USA v. Armando Ibarra, et al, No. 15-40484 (5th Cir. 2016)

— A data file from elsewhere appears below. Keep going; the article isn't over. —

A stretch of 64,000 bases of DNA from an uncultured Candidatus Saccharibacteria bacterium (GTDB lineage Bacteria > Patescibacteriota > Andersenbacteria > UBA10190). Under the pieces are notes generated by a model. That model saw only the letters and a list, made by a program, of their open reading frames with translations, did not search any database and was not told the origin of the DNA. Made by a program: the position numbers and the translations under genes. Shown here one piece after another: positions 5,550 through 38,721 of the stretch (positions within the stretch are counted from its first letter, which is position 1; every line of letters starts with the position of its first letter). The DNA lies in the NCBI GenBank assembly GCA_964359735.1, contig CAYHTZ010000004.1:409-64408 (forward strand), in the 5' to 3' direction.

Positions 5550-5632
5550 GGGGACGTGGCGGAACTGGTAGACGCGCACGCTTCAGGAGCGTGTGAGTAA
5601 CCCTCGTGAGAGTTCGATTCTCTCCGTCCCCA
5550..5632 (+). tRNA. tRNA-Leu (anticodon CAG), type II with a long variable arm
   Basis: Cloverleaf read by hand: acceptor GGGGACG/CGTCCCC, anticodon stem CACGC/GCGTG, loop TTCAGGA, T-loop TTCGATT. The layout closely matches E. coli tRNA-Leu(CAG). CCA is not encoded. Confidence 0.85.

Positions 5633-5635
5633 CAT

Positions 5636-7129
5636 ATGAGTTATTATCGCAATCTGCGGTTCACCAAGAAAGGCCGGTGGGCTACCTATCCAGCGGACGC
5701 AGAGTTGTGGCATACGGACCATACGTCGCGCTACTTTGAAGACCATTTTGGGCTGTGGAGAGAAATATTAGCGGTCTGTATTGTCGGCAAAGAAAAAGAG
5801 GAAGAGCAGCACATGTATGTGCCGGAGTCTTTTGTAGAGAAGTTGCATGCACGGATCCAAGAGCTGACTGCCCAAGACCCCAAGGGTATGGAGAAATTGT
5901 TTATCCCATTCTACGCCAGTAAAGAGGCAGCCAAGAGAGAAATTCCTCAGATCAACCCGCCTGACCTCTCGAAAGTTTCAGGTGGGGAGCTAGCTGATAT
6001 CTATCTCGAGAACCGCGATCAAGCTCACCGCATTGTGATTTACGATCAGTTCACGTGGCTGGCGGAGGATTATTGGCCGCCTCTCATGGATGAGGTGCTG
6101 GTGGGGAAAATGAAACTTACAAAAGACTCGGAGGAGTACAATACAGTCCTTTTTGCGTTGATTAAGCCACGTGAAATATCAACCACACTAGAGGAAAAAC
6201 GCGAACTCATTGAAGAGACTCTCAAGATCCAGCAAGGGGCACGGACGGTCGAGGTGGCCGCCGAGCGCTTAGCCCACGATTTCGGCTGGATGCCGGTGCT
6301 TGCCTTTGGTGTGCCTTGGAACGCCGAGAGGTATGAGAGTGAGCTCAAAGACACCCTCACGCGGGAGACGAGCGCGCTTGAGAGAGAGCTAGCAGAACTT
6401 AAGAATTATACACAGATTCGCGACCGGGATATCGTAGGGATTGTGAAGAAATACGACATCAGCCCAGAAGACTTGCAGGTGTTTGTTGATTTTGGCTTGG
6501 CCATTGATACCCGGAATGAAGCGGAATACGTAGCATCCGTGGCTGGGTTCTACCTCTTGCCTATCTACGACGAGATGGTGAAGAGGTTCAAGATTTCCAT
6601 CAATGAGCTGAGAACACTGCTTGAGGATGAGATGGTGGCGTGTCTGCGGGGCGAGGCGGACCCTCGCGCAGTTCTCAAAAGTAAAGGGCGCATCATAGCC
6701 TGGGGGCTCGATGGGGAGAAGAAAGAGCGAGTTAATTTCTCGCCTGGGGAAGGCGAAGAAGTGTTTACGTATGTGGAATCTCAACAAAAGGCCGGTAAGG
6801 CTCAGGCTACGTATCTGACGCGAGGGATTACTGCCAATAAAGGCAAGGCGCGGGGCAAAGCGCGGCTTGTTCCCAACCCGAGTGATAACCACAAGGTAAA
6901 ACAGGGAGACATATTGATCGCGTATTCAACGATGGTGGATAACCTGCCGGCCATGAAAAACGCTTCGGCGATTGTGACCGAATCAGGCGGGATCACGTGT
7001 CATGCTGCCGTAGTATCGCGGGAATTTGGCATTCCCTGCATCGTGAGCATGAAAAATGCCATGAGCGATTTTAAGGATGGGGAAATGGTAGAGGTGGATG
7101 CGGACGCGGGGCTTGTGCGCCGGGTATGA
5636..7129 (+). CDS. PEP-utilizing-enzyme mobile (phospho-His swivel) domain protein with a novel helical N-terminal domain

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Case: 15-40484 Document: 00513549142 Page: 1 Date Filed: 06/15/2016 IN THE UNITED STATES COURT OF APPEALS FOR THE FIFTH CIRCUIT United States Court of Appeals Fifth Circuit No. 15-40484 UNITED STATES OF AMERICA, FILED June 15, 2016 Lyle W. Cayce Clerk Plaintiff - Appellee v. ARMANDO IBARRA, also known as Fat Boy; JULIO CESAR MALDONADOGONZALEZ, also known as Burqueti; JORGE LUIS RAMIREZ; ANTONIO NAVAREZ REYES, also known as Tonio, Defendants - Appellants Appeals from the United States District Court for the Eastern District of Texas USDC No. 4:12-CR-252-5 Before DAVIS, JONES, and GRAVES, Circuit Judges. W. EUGENE DAVIS, Circuit Judge:* All four defendants challenge their convictions for violating 21 U.S.C. § 846—conspiracy to possess with an intent to distribute methamphetamine. Because their numerous arguments for overturning the jury verdict lack merit, we AFFIRM the defendants’ convictions. Pursuant to 5TH CIR. R. 47.5, the court has determined that this opinion should not be published and is not precedent except under the limited circumstances set forth in 5TH CIR. R. 47.5.4. * Case: 15-40484 Document: 00513549142 Page: 2 Date Filed: 06/15/2016 No. 15-40484 I. Christian Salvador distributed methamphetamine in north Texas. Initially, drug cartels manufactured the methamphetamine in Mexico and transported it to Dallas as a liquid. In Dallas, Salvador’s workers converted the liquid into a crystal and delivered the drugs to street-level dealers in nearby Denton. Salvador’s organization unraveled when DeAngelo Font was arrested for dealing methamphetamine in Denton. A drug investigator, Tony Salas, traced Font’s methamphetamine to Salvador. After Font’s arrest, police focused their investigation on Salvador’s organization. In September of 2012, they arrested Matthew Burkhardt who admitted to selling Salvador’s methamphetamine in Denton. He agreed to cooperate with investigators by arranging a controlled buy against Salvador. 1 The drug sale between Salvador and Burkhardt was scheduled for September 13, 2012. On that morning, two members of Salvador’s operation, Armando Ibarra and Jorge Ramirez, went to Jose Vargas’ home to “pick[] up some boxes that…contained drugs” to “take…somewhere else[,]” presumably to the controlled buy’s location. Later that afternoon, on September 13, Salvador arrived at a Dallas storage unit with Ramirez and Ibarra for the controlled buy. Police raided the unit, searched Salvador’s vehicles, and arrested Ramirez, Ibarra, and Salvador. Inside the storage unit, police found plastic containers filled with methamphetamine crystals. In the vehicles, police found cans of acetone and a cardboard box filled with methamphetamine. In total, the police recovered $1.3 million worth of drugs. A controlled buy is an operation where the cooperating witness orders a quantity of drugs, and the police arrest the person who delivers drugs to the location. 1 2 Case: 15-40484 Document: 00513549142 Page: 3 Date Filed: 06/15/2016 No. 15-40484 After Salvador’s arrest, Salas learned that his methamphetamine was converted from a liquid to a crystal at a home in Dallas and organized another raid. When police entered the residence, an overwhelming odor of chemicals struck them. 2 They observed a conversion lab in the kitchen sitting on a foldout table. Police found a driver’s license in the kitchen belonging to Antonio Reyes located within five feet of the conversion lab. They also recovered $100,000 worth of methamphetamine at the home. A grand jury indicted sixteen people for a conspiracy to possess with intent to distribute methamphetamine in violation of 21 U.S.C. § 846. Eleven pled guilty; four went to trial: Ibarra, Ramirez, Reyes, and Julio Cesar Maldonado Gonzalez. 3 At trial, Vargas testified for the government. He said that on September 13 he gave methamphetamine to Ramirez and Ibarra so they could deliver it elsewhere. Vargas also described how he received his supply of drugs. Vargas testified that Reyes would provide him methamphetamine hidden in car batteries. Reyes also testified. He explained that he lived at the Dallas home with Aaron Hernandez—Salvador’s partner. According to Reyes, he worked as a roofer, leaving home at 7:00 a.m. and returning at 7:00 p.m., and so he never saw drugs or a conversion lab in the home. However, Reyes admitted that he returned home early on September 11 and noticed an “awful smell.” Reyes said that he had “never smelled that” odor before and did not “know what it was.” Reyes believed “something wasn’t right” and told Hernandez that he would move out at the end of the month A pungent chemical smell is released when heat is applied to methamphetamine during the conversion process. 3 Another defendant, Aaron Hernandez, escaped capture and remains a fugitive. 2 3 Case: 15-40484 Document: 00513549142 Page: 4 Date Filed: 06/15/2016 No. 15-40484 During trial, Ibarra moved to sever his prosecution arguing that statements made by other defendants prejudiced him. The district court denied his motion to sever, and in its jury instructions, told the jury to consider the evidence against each defendant separately and individually. Also, Reyes objected to the district court’s “deliberate ignorance” jury instruction which the court overruled. The jury convicted all four defendants of violating 21 U.S.C. § 846. To prove a drug conspiracy, the government must show: the existence of an agreement between two or more persons to violate narcotics laws; that the defendant knew of the agreement; and that he voluntarily participated in the conspiracy. 4 II. The defendants make four arguments for overturning the jury verdict. We address each in turn: A. VENUE Each defendant argues that the evidence was insufficient to establish venue in the Eastern District of Texas. This issue was given to the jury, which found that the government established venue. We “review the denial of a motion for judgment of acquittal de novo. We will affirm a verdict if, viewing all the evidence in the light most favorable to the government, a rational jury could conclude, from the evidence presented at trial, that the government established venue by a preponderance of the evidence.” 5 The defendants argue that the government did not show that they committed an overt act in the Eastern District. 6 In a conspiracy case, venue is United States v. Patino-Prado, 533 F.3d 304, 309 (5th Cir. 2008). United States v. Mendoza, 587 F.3d 682, 686 (5th Cir. 2009). 6 The defendants’ various other arguments against venue are without merit, including Reyes’ claim that Burkhardt’s testimony cannot be used because he became an informant after being arrested; Gonzalez’ assertion that Salas did not identify at trial the street-level 4 5 4 Case: 15-40484 Document: 00513549142 Page: 5 Date Filed: 06/15/2016 No. 15-40484 proper “in any district where the agreement was formed or an overt act occurred.” 7 An overt act “can be based on evidence of any single act that initiated, perpetuated, or completed the crime.” 8 Moreover, venue is proper as to any member of the conspiracy, so long as one co-conspirator committed one overt act there. 9 Enough evidence existed for the jury to find that an overt act occurred in the Eastern District. While the defendants’ conduct primarily occurred in Dallas, their actions supported an organization that sold methamphetamine in Denton, which is in the Eastern District. 10 Specifically, the defendants converted methamphetamine that was supplied to Salvador’s organization’s street-level dealers in Denton. For example, police arrested Font for selling Salvador’s methamphetamine in Denton. 11 Similarly, Burkhardt admitted that he sold methamphetamine in Denton for Salvador. Thus, ample evidence proved that defendants joined a conspiracy that committed overt acts in Denton. B. DRUG CONSPIRACY Ramirez and Reyes argue that the evidence was insufficient to establish their guilt in various respects. We review sufficiency of the evidence challenges under a familiar standard: dealers who sold methamphetamine for Salvador; Gonzalez argument that the street-level dealers for Salvador were only arrested in Denton but actually sold their drugs only in other jurisdictions. 7 United States v. Rodriguez-Lopez, 756 F.3d 422, 429-30 (5th Cir. 2014). 8 Mendoza, 587 F.3d at 686. 9 See id. at 430; Mendoza, 587 F.3d at 686. 10 See, e.g., id. at 687 (holding an overt act occurred in the Eastern District of Texas, because the defendant supplied methamphetamine to an uncharged third-party who sold it at the street level in the Eastern District). 11 Ibarra’s argument that this statement is inadmissible hearsay is without merit because Salas merely described his personal investigation rather than some out-of-court statement. 5 Case: 15-40484 Document: 00513549142 Page: 6 Date Filed: 06/15/2016 No. 15-40484 We review a challenge to the sufficiency of the evidence supporting a conviction by reviewing all evidence in the light most favorable to the verdict to determine whether a rational trier of fact could have found that the evidence established the essential elements of the offense beyond a reasonable doubt. 12 i. Ramirez argues the government did not prove that he had knowledge of the conspiracy. However, this argument is belied by the record. The government provided more than enough evidence for a rational jury to find that Ramirez knew about the drug conspiracy. First, Ramirez was arrested at the storage unit where police found $1.3 million worth of methamphetamine. 13 Second, Ramirez admitted that he moved a large cardboard box containing methamphetamine from the storage unit. 14 Third, coded text messages on Salvador’s phone revealed Ramirez’s picture and stated that Ramirez picked up acetone and drugs on September 13. Finally, Vargas confirmed that Ramirez picked up drugs from him to transport them for sale. Thus, the evidence was more than sufficient for the jury to find that Ramirez had knowledge of the conspiracy. ii. Reyes argues that the government did not prove that he participated in the conspiracy. A defendant’s participation in the conspiracy may be inferred United States v. Haines, 803 F.3d 713, 734-45 (5th Cir. 2015). Cf. United States v. Delgado, 672 F.3d 320, 334 (5th Cir. 2012) (en banc) (recognizing that possession of a large quantity of drugs supports the defendant’s participation in the conspiracy). 14 While Ramirez claimed that he did not know the box’s contents, this is unlikely because the box was secured by only a folding flap, and it contained eight plastic containers, each holding a kilogram of methamphetamine. 12 13 6 Case: 15-40484 Document: 00513549142 Page: 7 Date Filed: 06/15/2016 No. 15-40484 from circumstantial evidence. 15 Moreover, the defendant need not “know all the details of the unlawful enterprise or have a major role.” 16 Here, too, more than enough evidence existed for a rational jury to find that Reyes participated in the drug conspiracy. Reyes admitted at trial that he lived in the Slater-residence where the conversion lab was found. Moreover, police found his driver’s license within five feet of the conversion lab located conspicuously in the kitchen. Also, Vargas testified that Reyes gave him methamphetamine. 17 Thus, the jury could reasonably infer that Reyes participated in the conversion of methamphetamine in his home. C. DELIBERATE IGNORANCE INSTRUCTION Reyes argues that the district court erred by giving the jury a deliberate ignorance instruction. 18 We review a district court’s jury instruction for an abuse of discretion, and any error is subject to harmless error review. 19 The United States v. Greenwood, 974 F.2d 1449, 1457 (5th Cir. 1992) (“Because secrecy is the norm in an illicit conspiracy, the elements of the offense may be established solely by circumstantial evidence.”). 16 United States v. Chon, 713 F.3d 812, 819 (5th Cir. 2013). 17 Both Ramirez and Reyes argue that Vargas was an unreliable witness. According to Ramirez and Reyes, Vargas is unreliable because he failed to identify them during his initial interview but then pointed them out at trial, which occurred after Vargas had pled guilty. This argument is unavailing. See, e.g., United States v. Martinez-Garcia, 560 F. App’x 253, 260 (5th Cir. 2014) (“As long as it is not factually insubstantial or incredible, the uncorroborated testimony of a co-conspirator, even one who has chosen to cooperate with the government in exchange for non-prosecution or leniency, may be constitutionally sufficient evidence to convict.”). Moreover, “[w]e must accept all credibility choices made by the trier of fact.” Haines, 803 F.3d at 734-45. 18 The district court instructed the jury: “You may find that a defendant had knowledge of a fact if you find that the defendant deliberately closed his eyes to what would otherwise have been obvious to him. While knowledge on the part of a defendant cannot be established merely by demonstrating that a defendant was negligent, careless, or foolish, knowledge can be inferred if a defendant deliberately blinded himself to the existence of a fact. A defendant must subjectively believe that there is a high probability that a fact exists and the defendant must take deliberate actions to avoid learning of that fact.” 19 United States v. Fuchs, 467 F.3d 889, 900 (5th Cir. 2006); United States v. Edelkind, 525 F.3d 388, 397 (5th Cir. 2008) (“Any [deliberate ignorance instruction] error is subject to harmless error review.”). 15 7 Case: 15-40484 Document: 00513549142 Page: 8 Date Filed: 06/15/2016 No. 15-40484 deliberate ignorance instruction should be “given when a defendant claims a lack of guilty knowledge and the proof at trial supports an inference of deliberate indifference.” 20 Reyes asserts that the deliberate ignorance instruction was error, because at trial, he admitted to actual knowledge of the unlawful activity. However, Reyes never admitted to actual knowledge of unlawful methamphetamine conversion. 21 Reyes stated explicitly that he never saw a conversion lab in the residence. Also, he claimed that he never saw drugs at the home. While admitting that he noticed an “awful smell” which made him think “something wasn’t right,” he never claimed that he knew this smell derived from something unlawful. Instead, Reyes said that he “never smelled that [odor] and I don’t know, I don’t know what it was.” Thus, his general assertion that “something wasn’t right” is insufficient to show Reyes admitted to actual knowledge of methamphetamine conversion in the home, and the instruction was proper. D. MOTION TO SEVER TRIAL Ibarra argues that the district court erred when it denied his motion to sever his trial. We review the district court’s denial of a motion to sever for an abuse of discretion. 22 First, Ibarra argued that the admission of his codefendant’s statements violated Bruton v. United States, 391 U.S. 123 (1968). Under Bruton, the admission of a statement by one codefendant, which implicates another Id. If Reyes had admitted to actual knowledge of methamphetamine conversion, this would make any error in giving the deliberate ignorance instruction harmless. See United States v. Gonzalez, 612 F. App’x 246, 247 (5th Cir. 2015) (“Any error in giving such an instruction is harmless if substantial evidence showing actual knowledge was adduced at trial.”). 22 United States v. Whitfield, 590 F.3d 325, 356 (5th Cir. 2009). 20 21 8 Case: 15-40484 Document: 00513549142 Page: 9 Date Filed: 06/15/2016 No. 15-40484 codefendant, violates the Sixth Amendment, if admitted in a joint trial and the person making the statement did not take the stand. 23 Ibarra asserts that Salas’ testimony that Ramirez admitted to “assist[ing] in loading the big box located in the back of the pickup” implicated him. According to Ibarra, Ramirez statement “indicated that others were involved in handling [the box,]” which could have included him. However, Ramirez statement that he “assisted in loading” the box was general and did not explicitly or implicitly reference Ibarra. Thus, admission of Ramirez statement did not implicate Ibarra and violate his Sixth Amendment right. Second, Ibarra argues that he was prejudiced by the “spill-over” effect of evidence against other defendants. However, a “spillover effect, by itself, is an insufficient predicate for a motion to sever.” 24 Because Ibarra’s spillover is insufficient to justify a motion to sever, the district court did not abuse its discretion. III. For these reasons, we AFFIRM the judgment of the district court. 23 24 391 U.S. at 135-36. United States v. Bieganowski, 313 F.3d 264, 287 (5th Cir. 2002). 9